I wish I knew who wrote this, so I could shake his hand and congratulate him. He is spot on.
One very unfortunate result of the yeshivishization and shteibelization of any community is the narrow-mindedness of those educated in the yeshivas. Their products have no patience to sit through a Drasha (unfortunately, some Rabbanim are not capable of giving good ones anymore) and they are turning to their Roshei Yeshivos for psak and guidance. So, it is no surprise that shul Rabbanim are now irrelevant.
The larger shuls have been reduced to a place where people can dispense with their obligation to “daven with a minyan” a couple times a day. This is a far cry from the lofty goals of prayer being “tefillah b’tzibbur” and “b’rov am hadras melech”. In many cases, the leadership of the yeshivos is to be blamed for rendering larger full-service shuls irrelevant, either explicitly or implicitly. The sense of kakaras hatov is sorely lacking, because “after all, the shuls are dying and under-attended and we Bnei Yeshiva are keeping the shuls alive”.
Unfortunately, this phenomenon... exists elsewhere.....
It may take some time to realize this, but the value of a full-service shul (albeit in some perhaps modified form) in addressing not only the spiritual needs of a community but the serious problems within it, will soon be appreciated. Unfortunately, by that time, their infrastructures may have been so weakened that it will be too late. For example, how many of the teens at risk could be prevented if they could participate in boys or girls youth programming? Such a forum would give them opportunities to participate in davening, learning, and social activities. It could also give them an opportunity to take on leadership and responsibility. How many of the achdus problems could me ameliorated if different segments of a community would not be davening in their own virtual daled amos (i.e., people their age, who learned in their yeshiva, who send their kids to the same schools and summer camps), but would have a forum to come together as part of a “cross-cultural” tzibbur?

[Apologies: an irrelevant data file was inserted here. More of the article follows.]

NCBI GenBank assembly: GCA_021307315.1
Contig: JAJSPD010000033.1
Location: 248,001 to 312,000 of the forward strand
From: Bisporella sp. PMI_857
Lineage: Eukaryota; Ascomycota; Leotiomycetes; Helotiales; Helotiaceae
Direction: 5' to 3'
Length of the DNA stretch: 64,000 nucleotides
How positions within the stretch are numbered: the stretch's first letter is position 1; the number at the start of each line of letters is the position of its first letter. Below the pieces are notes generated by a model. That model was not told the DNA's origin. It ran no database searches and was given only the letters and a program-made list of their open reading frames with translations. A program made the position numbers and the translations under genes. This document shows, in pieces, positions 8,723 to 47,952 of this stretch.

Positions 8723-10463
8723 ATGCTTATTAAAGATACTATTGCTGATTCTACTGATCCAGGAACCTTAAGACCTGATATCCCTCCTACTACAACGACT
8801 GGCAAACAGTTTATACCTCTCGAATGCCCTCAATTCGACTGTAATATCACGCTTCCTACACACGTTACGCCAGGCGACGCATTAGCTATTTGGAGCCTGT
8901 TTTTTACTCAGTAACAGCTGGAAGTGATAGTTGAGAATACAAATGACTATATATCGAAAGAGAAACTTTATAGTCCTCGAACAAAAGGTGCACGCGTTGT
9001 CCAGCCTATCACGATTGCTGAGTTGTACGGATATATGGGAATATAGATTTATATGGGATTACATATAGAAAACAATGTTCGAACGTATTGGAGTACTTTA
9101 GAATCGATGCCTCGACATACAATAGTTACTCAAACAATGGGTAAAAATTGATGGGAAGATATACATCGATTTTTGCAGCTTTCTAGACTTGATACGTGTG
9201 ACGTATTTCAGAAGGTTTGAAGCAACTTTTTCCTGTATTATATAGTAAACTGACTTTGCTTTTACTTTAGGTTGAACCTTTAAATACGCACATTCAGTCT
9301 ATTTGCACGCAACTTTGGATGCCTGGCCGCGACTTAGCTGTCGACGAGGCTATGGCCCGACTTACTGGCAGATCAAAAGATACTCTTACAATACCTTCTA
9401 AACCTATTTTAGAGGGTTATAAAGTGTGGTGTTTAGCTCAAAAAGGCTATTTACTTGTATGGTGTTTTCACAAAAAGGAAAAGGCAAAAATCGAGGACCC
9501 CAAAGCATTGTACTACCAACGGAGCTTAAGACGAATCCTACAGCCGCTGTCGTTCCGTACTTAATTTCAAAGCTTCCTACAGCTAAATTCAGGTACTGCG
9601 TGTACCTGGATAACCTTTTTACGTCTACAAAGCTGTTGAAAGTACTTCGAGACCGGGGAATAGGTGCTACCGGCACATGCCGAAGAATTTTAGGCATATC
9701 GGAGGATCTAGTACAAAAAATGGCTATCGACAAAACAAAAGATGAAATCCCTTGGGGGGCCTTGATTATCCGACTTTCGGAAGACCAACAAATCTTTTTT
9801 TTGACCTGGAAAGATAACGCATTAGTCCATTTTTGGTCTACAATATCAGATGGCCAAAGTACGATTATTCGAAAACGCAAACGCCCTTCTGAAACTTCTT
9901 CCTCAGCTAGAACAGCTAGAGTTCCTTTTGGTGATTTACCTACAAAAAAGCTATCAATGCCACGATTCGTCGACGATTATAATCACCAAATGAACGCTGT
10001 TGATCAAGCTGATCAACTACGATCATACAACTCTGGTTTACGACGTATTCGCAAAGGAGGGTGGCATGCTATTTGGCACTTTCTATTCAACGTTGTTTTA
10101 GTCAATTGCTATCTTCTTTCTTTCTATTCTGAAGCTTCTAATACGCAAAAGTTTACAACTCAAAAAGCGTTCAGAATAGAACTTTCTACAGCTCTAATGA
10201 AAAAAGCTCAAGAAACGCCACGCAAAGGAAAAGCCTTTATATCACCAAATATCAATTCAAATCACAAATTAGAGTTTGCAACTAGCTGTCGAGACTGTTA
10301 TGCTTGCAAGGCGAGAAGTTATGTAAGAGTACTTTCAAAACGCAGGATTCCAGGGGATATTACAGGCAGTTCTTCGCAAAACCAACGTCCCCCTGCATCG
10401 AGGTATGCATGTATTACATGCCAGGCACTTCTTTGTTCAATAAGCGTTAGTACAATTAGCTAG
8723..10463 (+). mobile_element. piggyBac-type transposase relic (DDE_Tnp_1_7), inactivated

And what about the women? I presume that many see their role as looking good and hosting their husband’s chevra for Kiddush. Any appearance in shul is reduced to shmoozing outside of it with their clothing from Cedarhurst, furs from Manhattan, and custom sheitels from Europe. This increasing sentiment is limiting the number of appropriate role models for girls in how to behave in shul or on Shabbos.
So, until a community grows up and sees where people daven as more than place that caters exclusively to married males, we have a problem.
Tuesday, December 05, 2006
Comment of the week.
Pulled from the orthomom comments: